A new murder-mystery TV series, Dark Woods (Das Geheimnis Des Totenwaldes), is due to premiere to U.S. audiences scratch the itch of serial killer narrative lovers. A German-language show set in the late 1980s and based on true events, Dark Woods is a crime TV series that also feels like a dramatic saga, perfectly portraying the ache of passing time as a case looms over the heads of detectives, family members, and the criminals themselves.
With a story spanning six episodes and approximately 25 years in the lives of its characters, Dark Woods follows detective Anne Bach (Karoline Schuch), taking a new job at Weesenburg police station and over the years of her assignment on a missing person case. Beginning with a dinner party that leads to the disappearance of a soon-to-be-divorced woman, events center around the investigation, intertwining the lives of the missing woman’s family with local law enforcement. Partnered with a stubborn but caring detective and a mentor tragically tied to the events, detective Bach sets out to catch a killer who seems to be just out of reach despite being right in the backyards of their wholesome neighborhoods.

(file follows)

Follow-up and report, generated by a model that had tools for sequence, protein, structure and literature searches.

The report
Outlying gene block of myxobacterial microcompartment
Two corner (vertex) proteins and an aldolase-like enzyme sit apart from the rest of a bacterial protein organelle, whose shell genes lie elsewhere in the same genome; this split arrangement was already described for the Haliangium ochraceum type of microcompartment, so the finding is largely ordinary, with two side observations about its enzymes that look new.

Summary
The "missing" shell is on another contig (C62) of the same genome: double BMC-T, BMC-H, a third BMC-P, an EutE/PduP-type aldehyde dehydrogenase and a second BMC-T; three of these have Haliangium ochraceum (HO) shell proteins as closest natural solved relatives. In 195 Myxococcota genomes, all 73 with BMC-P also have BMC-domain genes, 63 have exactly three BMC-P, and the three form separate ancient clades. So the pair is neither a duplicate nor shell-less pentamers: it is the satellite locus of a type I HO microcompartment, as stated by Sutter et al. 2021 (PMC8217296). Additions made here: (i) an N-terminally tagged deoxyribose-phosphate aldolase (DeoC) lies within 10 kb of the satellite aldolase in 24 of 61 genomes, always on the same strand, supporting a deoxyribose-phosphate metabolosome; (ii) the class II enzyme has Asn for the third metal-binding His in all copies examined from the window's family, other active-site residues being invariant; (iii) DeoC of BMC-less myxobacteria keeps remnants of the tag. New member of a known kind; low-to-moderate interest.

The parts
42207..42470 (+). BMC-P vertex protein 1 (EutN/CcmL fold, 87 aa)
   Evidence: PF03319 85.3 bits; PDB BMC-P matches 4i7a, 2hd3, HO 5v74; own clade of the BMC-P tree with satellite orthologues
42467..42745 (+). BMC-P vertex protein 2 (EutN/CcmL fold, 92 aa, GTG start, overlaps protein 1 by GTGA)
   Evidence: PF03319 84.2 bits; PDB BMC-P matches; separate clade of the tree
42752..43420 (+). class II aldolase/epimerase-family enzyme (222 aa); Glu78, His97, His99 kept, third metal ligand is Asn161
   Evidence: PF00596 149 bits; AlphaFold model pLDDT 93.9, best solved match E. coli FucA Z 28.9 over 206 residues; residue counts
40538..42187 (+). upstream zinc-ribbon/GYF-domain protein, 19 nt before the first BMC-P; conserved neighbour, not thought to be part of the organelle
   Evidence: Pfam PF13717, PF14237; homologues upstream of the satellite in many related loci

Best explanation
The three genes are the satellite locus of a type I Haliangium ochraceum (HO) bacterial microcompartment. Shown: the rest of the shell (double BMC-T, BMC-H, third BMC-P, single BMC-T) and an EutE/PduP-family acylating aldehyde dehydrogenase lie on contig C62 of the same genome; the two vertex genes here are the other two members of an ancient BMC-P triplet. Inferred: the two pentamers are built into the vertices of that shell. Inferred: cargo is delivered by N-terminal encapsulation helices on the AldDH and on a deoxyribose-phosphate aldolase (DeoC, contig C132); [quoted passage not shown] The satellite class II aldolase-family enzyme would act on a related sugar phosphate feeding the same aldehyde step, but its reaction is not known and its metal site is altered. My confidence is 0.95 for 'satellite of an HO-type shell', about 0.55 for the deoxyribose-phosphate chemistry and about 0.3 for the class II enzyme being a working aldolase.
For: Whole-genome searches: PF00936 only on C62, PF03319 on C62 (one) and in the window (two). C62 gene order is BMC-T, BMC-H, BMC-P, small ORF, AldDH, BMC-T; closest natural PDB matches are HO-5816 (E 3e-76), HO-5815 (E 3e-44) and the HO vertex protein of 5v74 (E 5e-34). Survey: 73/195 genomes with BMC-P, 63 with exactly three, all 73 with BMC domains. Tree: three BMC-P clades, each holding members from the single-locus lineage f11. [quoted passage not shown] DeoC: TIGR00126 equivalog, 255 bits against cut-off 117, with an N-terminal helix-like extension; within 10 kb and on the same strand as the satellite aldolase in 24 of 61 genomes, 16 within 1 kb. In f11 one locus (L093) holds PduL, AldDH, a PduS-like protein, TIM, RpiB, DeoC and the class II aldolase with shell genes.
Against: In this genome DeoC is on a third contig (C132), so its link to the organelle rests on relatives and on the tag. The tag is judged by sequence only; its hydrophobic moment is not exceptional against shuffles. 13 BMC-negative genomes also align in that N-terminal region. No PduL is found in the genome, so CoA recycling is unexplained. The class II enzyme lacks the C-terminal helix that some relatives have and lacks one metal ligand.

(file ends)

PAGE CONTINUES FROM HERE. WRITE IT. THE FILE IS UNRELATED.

The story of Dark Woods leans heavily on the police profiling aspect of the investigation, focusing on the psychology of their serial killer, and allowing for plenty of opportunities for flashbacks to give insight into his present-day murderous actions. Not quite thrilling but not quite a melodrama either, Dark Woods has a cat and mouse story, but unlike other genre-typical typical stories, Dark Woods chase happens on a more realistic scale for criminal cases, rather than playing out as a days or weeks-long manhunt. I might’ve preferred the latter for the entertainment appeal that a thrilling chase might offer, however, Dark Woods is comfortably watchable nonetheless.
Starring Karoline Schuch as the “cat” on this cat and mouse chase, Schuch plays Detective Bach as human as characters come, striking an endearing balance of not being damsel-ized and not being overly tough to compensate for her femininity. The mouse, played by Hanno Koffler as presumed serial killer Jurgen Becker was underserved in material, I felt, as he could have been portrayed in a more sinister manner, never quite exuding a satisfying serial killer vibe.
I had hoped for something like the short-lived and underappreciated American TV series, The Following (2013-2015), but Dark Woods is far less dark, character and violence-level-wise. It is a show I would certainly recommend, however, not one that I would feel a yearning to revisit, lacking memorability or creativity when there was material available to achieve both.
7 out of 10